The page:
By: Engy Abdelkader
The murder of innocent French civilians—Jews and Muslims, men and women, cartoonists and law enforcement officials—by terrorists in Paris earlier this year rocked much of Europe. Observers frequently view manifestations of anti-Muslim bias through the lens of that attack on Charlie Hebdo’s offices. In truth, the attack exasperated an existing anti-Muslim sentiment that helps contribute to the minority faith group’s inability to integrate, feelings of alienation, and perhaps, vulnerability to violent extremist recruiting. According to a 2013 public opinion poll, for instance, many Europeans view the Islamic faith as more threatening to their culture and values than any other faith tradition.
To better grasp the social, political, and economic realities confronting Muslims in Western Europe, this article briefly surveys religious discrimination in Sweden, Germany, and the United Kingdom. It identifies three significant trends: 1) increased bias attacks on mosques, 2) violent hate crimes against those perceived as Muslim (for example, women practicing hijab), and 3) pervasive employment discrimination.
Swedish Muslims comprise about 1.8 to 4.4 percent of the country’s population, and the minority faith community is religiously, linguistically, ethnically, and culturally diverse.
Many Swedes view Muslims negatively. They believe Islamic and European values are incompatible, a sentiment prominent in other parts of Europe.
In 2013, there were approximately 300 reported anti-Muslim hate crimes, and the Swedish National Council for Crime Prevention (NCCP) predicts an increased incidence of such violence. Women observing the hijab are frequent hate crime targets because they are conspicuously Muslim. Violent attacks also target easily identifiable community property such as mosques.
Late last year, for instance, a number of Swedish mosques were targeted in a series of highly publicized attacks. The violence resulted in more than half a dozen Swedish Muslims sustaining injuries. And, in the immediate aftermath of the Charlie Hebdo attack, another Swedish mosque received a bomb threat with the caller stating, “the mosque is soon going to blow.”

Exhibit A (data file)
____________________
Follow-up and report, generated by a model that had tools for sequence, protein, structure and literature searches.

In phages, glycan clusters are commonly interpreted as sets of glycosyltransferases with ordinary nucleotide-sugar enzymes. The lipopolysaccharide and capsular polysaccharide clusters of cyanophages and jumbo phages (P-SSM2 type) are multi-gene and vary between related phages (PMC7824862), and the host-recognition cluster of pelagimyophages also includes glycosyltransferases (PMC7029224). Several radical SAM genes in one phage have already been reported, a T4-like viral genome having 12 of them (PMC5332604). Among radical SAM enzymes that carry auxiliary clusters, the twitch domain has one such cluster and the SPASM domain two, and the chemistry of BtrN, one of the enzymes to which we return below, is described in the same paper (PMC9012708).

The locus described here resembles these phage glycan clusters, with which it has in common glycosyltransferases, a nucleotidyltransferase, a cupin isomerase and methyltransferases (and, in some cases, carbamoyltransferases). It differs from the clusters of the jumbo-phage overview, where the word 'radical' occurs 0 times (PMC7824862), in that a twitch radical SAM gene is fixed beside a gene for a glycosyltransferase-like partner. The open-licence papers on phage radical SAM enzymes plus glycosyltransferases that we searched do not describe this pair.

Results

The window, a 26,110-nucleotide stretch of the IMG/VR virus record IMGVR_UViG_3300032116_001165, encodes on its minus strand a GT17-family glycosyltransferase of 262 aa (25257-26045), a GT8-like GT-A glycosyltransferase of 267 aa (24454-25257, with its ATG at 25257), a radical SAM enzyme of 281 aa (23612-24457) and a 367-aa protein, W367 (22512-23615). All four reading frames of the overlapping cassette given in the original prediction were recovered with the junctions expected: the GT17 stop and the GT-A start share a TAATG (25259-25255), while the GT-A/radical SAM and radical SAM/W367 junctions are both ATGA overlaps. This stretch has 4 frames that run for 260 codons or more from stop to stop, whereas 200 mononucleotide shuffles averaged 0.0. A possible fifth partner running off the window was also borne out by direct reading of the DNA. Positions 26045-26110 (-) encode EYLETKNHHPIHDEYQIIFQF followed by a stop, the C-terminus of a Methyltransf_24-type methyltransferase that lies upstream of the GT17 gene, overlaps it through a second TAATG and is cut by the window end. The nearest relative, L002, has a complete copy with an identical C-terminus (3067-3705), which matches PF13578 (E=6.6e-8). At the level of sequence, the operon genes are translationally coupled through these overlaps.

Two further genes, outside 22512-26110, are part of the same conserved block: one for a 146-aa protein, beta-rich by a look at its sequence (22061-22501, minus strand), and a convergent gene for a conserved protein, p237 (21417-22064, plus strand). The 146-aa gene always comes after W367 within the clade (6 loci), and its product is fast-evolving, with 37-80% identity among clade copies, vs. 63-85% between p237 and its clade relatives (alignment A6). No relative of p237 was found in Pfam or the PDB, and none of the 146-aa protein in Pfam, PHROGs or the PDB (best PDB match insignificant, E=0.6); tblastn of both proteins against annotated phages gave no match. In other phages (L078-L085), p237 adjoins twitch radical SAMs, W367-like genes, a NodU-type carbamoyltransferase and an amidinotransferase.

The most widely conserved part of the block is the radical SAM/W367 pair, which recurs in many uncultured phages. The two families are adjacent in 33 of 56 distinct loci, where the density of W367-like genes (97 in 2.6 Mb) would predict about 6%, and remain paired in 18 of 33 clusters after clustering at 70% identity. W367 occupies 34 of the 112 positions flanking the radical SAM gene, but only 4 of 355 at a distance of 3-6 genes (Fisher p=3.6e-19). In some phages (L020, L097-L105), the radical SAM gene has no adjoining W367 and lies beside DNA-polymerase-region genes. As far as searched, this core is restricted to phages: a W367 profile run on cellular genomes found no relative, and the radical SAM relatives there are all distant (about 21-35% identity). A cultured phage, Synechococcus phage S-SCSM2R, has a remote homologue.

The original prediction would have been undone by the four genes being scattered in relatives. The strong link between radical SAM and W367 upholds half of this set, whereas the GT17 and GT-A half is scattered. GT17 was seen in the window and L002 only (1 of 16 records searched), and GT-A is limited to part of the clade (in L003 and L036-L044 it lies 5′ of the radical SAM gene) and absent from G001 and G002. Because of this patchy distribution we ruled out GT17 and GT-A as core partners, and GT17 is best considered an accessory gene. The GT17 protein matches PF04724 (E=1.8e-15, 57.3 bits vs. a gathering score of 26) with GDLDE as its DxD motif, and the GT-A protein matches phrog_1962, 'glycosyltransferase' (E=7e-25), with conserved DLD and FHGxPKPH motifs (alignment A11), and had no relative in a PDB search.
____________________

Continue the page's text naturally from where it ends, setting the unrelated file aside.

Significantly, Swedish Muslim leaders characterize such violence as a culmination of anti-Muslim bias that has spanned years, including incidents where women’s headscarves have been violently removed and dozens of cases involving mosque property damage.
Such violence chills the free exercise of religion—worshipping at the mosque or observing Muslim religious attire should not entail a life or death decision or risk assessments to one’s personal security.
Further, anti-Muslim prejudice translates into economic violence, too. Research evidences difficulties in securing employment due to religious identity, ethnicity, and/or race, which are often conflated.
On the job, Muslims experience discrimination. Those who attempt to practice sincerely held religious beliefs—practicing hijab, growing a beard, or praying—are particularly vulnerable. Most employers disregard related requests for religious accommodation without legal sanction.
Indeed, current EU laws require workplace accommodations only on account of disability.
German Muslims comprise approximately 4 to 5 percent of the total population. Evidence suggests many native Germans hold negative perceptions of Muslims. A recent study found anti-Muslim sentiment pervasive among the German public, with prejudice transcending income, education, and political affiliation. Similar to Swedes, 57 percent of Germans regard Islam as a threat, and 61 percent believe the world’s second largest faith tradition is incompatible with Western values.